PEOPLE OF MI V DION TINO WARREN

Annotate this Case
Download PDF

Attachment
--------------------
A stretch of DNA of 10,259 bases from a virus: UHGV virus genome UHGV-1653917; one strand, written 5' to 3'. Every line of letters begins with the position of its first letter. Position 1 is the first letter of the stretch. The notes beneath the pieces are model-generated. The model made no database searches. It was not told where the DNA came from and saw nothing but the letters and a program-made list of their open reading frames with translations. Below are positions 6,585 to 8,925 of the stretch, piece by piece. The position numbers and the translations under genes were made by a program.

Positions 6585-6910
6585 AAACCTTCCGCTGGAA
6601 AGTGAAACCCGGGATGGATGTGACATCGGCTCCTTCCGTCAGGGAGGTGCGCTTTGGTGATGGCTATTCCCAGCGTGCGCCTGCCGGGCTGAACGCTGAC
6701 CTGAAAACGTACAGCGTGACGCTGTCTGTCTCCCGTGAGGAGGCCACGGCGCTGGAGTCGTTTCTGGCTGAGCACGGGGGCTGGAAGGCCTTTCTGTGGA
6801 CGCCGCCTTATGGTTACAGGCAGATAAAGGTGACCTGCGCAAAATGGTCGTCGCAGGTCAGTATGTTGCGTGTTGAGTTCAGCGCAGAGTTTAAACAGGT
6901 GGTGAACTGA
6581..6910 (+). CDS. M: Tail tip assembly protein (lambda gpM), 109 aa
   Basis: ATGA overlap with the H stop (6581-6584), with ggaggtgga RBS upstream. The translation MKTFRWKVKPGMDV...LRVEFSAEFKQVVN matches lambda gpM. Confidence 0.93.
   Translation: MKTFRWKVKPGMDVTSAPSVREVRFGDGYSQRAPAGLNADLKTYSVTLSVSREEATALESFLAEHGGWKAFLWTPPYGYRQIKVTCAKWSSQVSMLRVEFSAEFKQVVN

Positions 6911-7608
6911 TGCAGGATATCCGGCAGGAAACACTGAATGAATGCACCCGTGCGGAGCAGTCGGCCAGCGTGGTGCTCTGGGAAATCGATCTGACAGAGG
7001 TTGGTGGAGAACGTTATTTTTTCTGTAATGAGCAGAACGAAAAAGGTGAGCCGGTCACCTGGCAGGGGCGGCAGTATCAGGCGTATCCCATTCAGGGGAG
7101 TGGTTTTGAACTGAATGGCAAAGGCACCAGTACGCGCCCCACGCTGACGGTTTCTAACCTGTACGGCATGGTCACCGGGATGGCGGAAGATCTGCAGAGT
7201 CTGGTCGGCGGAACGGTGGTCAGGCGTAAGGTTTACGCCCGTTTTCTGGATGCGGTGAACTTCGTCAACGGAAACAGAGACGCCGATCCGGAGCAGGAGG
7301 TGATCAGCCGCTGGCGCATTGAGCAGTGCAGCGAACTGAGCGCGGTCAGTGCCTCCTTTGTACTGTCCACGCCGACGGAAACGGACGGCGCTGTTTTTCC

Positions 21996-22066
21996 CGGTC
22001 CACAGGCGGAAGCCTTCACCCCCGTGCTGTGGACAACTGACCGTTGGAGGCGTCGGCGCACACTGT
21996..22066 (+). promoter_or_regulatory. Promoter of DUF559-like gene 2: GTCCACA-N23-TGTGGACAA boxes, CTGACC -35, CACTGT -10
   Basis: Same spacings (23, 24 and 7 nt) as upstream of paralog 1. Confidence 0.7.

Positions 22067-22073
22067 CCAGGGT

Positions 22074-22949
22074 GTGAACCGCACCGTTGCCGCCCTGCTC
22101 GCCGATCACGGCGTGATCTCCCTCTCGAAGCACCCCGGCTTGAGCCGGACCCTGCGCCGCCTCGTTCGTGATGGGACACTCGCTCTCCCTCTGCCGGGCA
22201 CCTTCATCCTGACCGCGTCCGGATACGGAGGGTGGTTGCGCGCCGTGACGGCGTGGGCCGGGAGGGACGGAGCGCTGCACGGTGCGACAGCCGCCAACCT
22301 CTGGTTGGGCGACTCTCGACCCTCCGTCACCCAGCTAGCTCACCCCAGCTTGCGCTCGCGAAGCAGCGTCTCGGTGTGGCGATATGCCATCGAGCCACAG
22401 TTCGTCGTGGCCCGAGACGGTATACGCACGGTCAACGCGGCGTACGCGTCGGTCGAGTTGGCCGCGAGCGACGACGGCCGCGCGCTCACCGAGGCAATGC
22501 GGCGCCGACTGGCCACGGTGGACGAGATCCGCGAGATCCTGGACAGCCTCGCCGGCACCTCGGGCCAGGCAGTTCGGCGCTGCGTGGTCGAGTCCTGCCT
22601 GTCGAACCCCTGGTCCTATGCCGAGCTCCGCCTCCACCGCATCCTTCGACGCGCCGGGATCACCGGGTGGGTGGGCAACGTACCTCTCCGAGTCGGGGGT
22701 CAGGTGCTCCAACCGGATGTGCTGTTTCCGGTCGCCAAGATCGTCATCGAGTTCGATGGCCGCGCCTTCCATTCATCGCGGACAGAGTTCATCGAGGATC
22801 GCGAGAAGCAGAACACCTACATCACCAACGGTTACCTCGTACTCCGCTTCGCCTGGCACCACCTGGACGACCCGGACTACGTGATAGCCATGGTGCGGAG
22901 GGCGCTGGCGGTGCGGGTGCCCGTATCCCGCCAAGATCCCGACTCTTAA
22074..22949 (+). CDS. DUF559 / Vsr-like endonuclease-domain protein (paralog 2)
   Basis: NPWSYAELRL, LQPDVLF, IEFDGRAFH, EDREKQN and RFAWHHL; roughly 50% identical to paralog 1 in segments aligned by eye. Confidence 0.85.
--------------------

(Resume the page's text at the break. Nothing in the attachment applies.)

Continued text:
STATE OF MICHIGAN COURT OF APPEALS PEOPLE OF THE STATE OF MICHIGAN, UNPUBLISHED July 24, 1998 Plaintiff-Appellee, v No. 191979 Oakland Circuit Court LC No. 94-134281 FC DION TINO WARREN, Defendant-Appellant. Before: Sawyer, P.J., and Kelly and Smolenski, JJ. PER CURIAM. Following a jury trial, defendant was convicted of first-degree criminal sexual conduct (personal injury), MCL 750.520b(1)(f); MSA 28.788(2)(1)(f), third-degree criminal sexual conduct (force), MCL 750.520d(1)(b); MSA 28.788(4)(1)(d), assault with intent to commit criminal sexual conduct involving penetration, MCL 750.520g(1); MSA 28.788(7)(1), aggravated assault, MCL 750.81a(1); MSA 28.276(1)(1), and entering without breaking, MCL 750.115; MSA 28.310. Defendant was sentenced to concurrent terms of fifteen to sixty years’ imprisonment for the first-degree criminal sexual conduct conviction, ten to fifteen years’ imprisonment for the third-degree criminal sexual conduct conviction, three to five years’ imprisonment for the assault with intent to commit criminal sexual conduct conviction, one year imprisonment for the aggravated assault conviction, and ninety days’ imprisonment for the entering without breaking conviction. Defendant appeals as of right. We affirm, but remand for correction of the judgment of sentence. Defendant first argues that he was not given proper notice that the prosecutor planned to introduce evidence of a prior bad act involving an incident between defendant and the victim in March, 1994, during which defendant beat the victim following an argument. We disagree. The decision whether to admit or exclude evidence is within the trial court’s discretion. People v Lugo, 214 Mich App 699, 709; 542 NW2d 921 (1995). The prosecution must provide reasonable notice in advance of trial, or during trial if the court excuses pretrial notice on good cause shown, that it intends to introduce evidence at trial of other crimes, wrongs or acts. MRE 404(b)(2); People v Ullah, 216 Mich App 669, 674; 550 NW2d 568 (1996). In this case, the record does not indicate that the -1­ prosecutor provided the requisite notice in advance of trial. However, on the first day of trial and before any testimony, defense counsel inquired concerning whether the prosecutor intended to introduce the evidence. The prosecutor stated that she was not planning to do so, but that she reserved the right to do so during rebuttal. In addition, the court instructed defense counsel that he was on notice that such evidence may be admissible depending on counsel’s cross-examination of the victim. The record indicates that the evidence of defendant’s prior act was subsequently introduced in response to this cross-examination. Therefore, we conclude that defendant had reasonable notice regarding the admission of the evidence of defendant’s prior act. Defendant also argues that the court erred in admitting evidence of the March, 1994, incident because the prosecutor falsely indicated to the court that the judge previously assigned to the case had ruled that the evidence was admissible. We disagree. The prosecutor stated that the prior judge assigned to the case had already ruled that evidence of the March, 1994, incident was admissible. The prosecutor was not able to support her claim with any evidence in the record, and the court initially stated that it would not revisit any prior rulings. However, the transcript indicates that the court considered the parties’ arguments and made its own ruling, with little or no reliance upon the alleged prior ruling by the original judge. In fact, the court’s ruling (to preclude the evidence unless defense counsel’s cross-examination of the victim made the evidence relevant) was contrary to the claimed original ruling permitting the evidence. Therefore, the prosecutor’s unsubstantiated claim of a prior ruling on the issue does not warrant reversal. No reliance on the phantom ruling is shown in this record. Defendant also argues that the court erred in admitting evidence of the March, 1994, incident because the prosecutor used it to show that defendant was a bad person and because it was unfairly prejudicial. We disagree. Evidence of other crimes, wrongs or acts is not admissible to prove the character of a person in order to show action in conformity therewith. MRE 404(b)(1); Ullah, supra. However, other acts evidence is admissible whenever it is relevant on a noncharacter theory and the probative value of the evidence is not substantially outweighed by the danger of undue prejudice. People v VanderVliet, 444 Mich 52, 74-75; 508 NW2d 114 (1993), modified 445 Mich 1205 (1994); People v Gimotty, 216 Mich App 254, 259; 549 NW2d 39 (1996). In this case, the trial court instructed defense counsel that the introduction of prior consensual sexual acts between defendant and the victim could make the March, 1994, incident relevant and admissible. Defendant, not the prosecutor, first elicited testimony of prior arguments and physical altercations between the couple. The inference raised by defendant was that these incidents always resulted in consensual sex and that this was what had occurred on the day of the incident for which defendant was charged. The prosecutor stated to the court that her intent in using evidence of defendant’s prior bad act in March, 1994, was only to refute this inference. Thus, the evidence was introduced for a relevant, noncharacter purpose. In light of the evidence of the other altercations elicited by defense counsel, the probative value of the evidence was not substantially outweighed by the danger -2­ of unfair prejudice. Accordingly, we conclude that the court did not abuse its discretion in admitting evidence of the March, 1994, incident. Next, defendant argues that the court denied defendant’s right to a fair trial by refusing to excuse two jurors for cause. We disagree. This Court reviews a trial court’s refusal to excuse a juror for cause for an abuse of discretion. People v Emerson (After Remand), 203 Mich App 345, 349; 512 NW2d 3 (1994). During voir dire in this case, Juror J stated that she was not sure if she could give defendant a fair trial due to her association with victims of sexual assault. The court refused to excuse the juror for cause. However, this juror was subsequently excused during voir dire when d efendant used one of his peremptory challenges with several peremptory challenges remaining. Because defendant had not used all his peremptory challenges, the trial court’s refusal to remove Juror J for cause does not require reversal. See People v Lee, 212 Mich App 228-229, 248; 537 NW2d 233 (1995). When the victim took the stand during trial, Juror S recognized her and, after looking in a yearbook, realized that they were in the same graduating class in high school. The juror informed the court of this fact in a letter. Defendant requested the court to excuse the juror, but the court refused. We find that the court did not abuse its discretion in refusing to excuse Juror S. During a hearing outside the presence of the other jurors, Juror S indicated that their class had had approximately 1,000 students, and that she did not know the victim, have any contact with her, or have any feelings about her one way or the other. The juror stated that she could give defendant a fair trial. Accordingly, we conclude that the court did not abuse its discretion in refusing to excuse Juror S. Emerson, supra. Next, defendant argues that the court erred in barring certain evidence that defendant contends on appeal was admissible under MRE 613 as a prior inconsistent statement by the victim. However, we decline to review this issue for two reasons. First, defendant failed to make the requisite offer of proof. MRE 103(a)(2); People v Stacy, 193 Mich App 19, 31; 484 NW2d 675 (1992). Alternatively, defendant did seek to admit the evidence on this ground below but rather contended that the evidence was admissible as the admission of a party. People v Asevedo, 217 Mich App 393, 398; 551 NW2d 478 (1996). Accordingly, we affirm. However, although the record indicates that defendant was actually convicted of and sentenced for aggravated assault, the judgment of sentence incorrectly states that defendant was convicted of felonious assault. Accordingly, we remand for the purely administrative task of correcting the judgment of sentence to reflect that defendant was convicted of aggravated assault. The trial court shall ensure that the corrected judgment of sentence is transmitted to the Department of Corrections. Affirmed and remanded. We do not retain jurisdiction. /s/ David H. Sawyer /s/ Michael J. Kelly /s/ Michael R. Smolenski -3­